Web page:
PHOENIX — In less than three years, the Musical Instrument Museum has gained a reputation as a premier cultural destination in the Valley of the Sun, an area loaded with eclectic museums and galleries.
No, you don't need to play an instrument to appreciate this bright, beautiful facility's offerings.
As someone who struggled through a year of drum lessons in high school, I spent two hours more than expected in MIM. I'm not alone. An informal exit survey indicated almost everyone stayed longer than planned. The average visit, museum officials say, is more than three hours.
MIM has the largest collection of musical artifacts (more than 15,000) and related resources this side of Brussels' Muziekinstrumentenmuseum — from John Lennon's piano for composing "Imagine" and Taylor Swift's handwritten lyrics to six Belgian carillon bells cast in 1659 and a Chinese drum dating to 5000 or so B.C..
The 200,000-square-foot building has exhibits brought to life with the latest wireless audio/visual technology; engaging programming, concerts and outreach; hard-to-find items in its store; and inviting choices on the cafe's international menu.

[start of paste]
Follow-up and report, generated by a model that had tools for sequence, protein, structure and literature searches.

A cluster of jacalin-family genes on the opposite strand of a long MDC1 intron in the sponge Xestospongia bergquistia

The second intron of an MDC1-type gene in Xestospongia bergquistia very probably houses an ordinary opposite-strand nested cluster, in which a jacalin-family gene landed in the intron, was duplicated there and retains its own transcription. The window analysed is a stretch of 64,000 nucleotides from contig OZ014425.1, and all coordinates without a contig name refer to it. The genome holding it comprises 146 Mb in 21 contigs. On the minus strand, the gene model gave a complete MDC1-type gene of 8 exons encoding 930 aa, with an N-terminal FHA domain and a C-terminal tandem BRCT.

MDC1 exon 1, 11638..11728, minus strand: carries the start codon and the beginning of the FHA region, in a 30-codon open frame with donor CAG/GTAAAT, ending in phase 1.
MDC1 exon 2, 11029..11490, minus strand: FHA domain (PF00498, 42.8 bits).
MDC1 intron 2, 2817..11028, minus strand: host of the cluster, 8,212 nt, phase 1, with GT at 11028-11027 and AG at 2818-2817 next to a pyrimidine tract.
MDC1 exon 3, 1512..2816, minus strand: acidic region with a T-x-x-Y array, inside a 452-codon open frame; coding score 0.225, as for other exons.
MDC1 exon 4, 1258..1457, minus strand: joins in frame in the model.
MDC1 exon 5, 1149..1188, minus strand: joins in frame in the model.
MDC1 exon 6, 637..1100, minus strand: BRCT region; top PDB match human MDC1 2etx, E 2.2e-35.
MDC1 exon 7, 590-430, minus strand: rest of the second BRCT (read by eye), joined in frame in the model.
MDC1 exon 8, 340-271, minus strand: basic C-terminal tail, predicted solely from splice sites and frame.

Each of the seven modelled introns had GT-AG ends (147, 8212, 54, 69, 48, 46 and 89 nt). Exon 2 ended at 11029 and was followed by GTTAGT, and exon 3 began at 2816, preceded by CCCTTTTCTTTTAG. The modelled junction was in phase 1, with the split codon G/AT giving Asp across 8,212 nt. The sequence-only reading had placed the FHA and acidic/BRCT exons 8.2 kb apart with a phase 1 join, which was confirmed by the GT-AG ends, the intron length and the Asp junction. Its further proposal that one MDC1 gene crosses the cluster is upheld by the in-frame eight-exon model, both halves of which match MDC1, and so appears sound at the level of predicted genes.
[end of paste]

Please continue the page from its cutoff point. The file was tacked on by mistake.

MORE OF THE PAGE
But what made MIM appealing to my tin ear was this: The exhibits are equal parts music, history and geography. Ultimately, the instruments are shown to be tools, and the music they produce, with rhythms and sounds, is the ultimate ribbon connecting and plumbing diverse cultures.
You'll likely enjoy the music of an Elvis Presley performance more than admire his Gibson 200 guitar. Same goes for great footage of Duke Ellington on a Steinway piano. On the other hand, seeing boomerangs by Australian aborigines as clap sticks in a dance ritual or finger cymbals used by Egyptian belly dancers may be more entertaining than the music these instruments produce.
The exhibits are organized by continent, but whether you're in Africa, Europe or another continent, you'll undoubtedly linger longer than planned.Copyright © 2015, The Baltimore Sun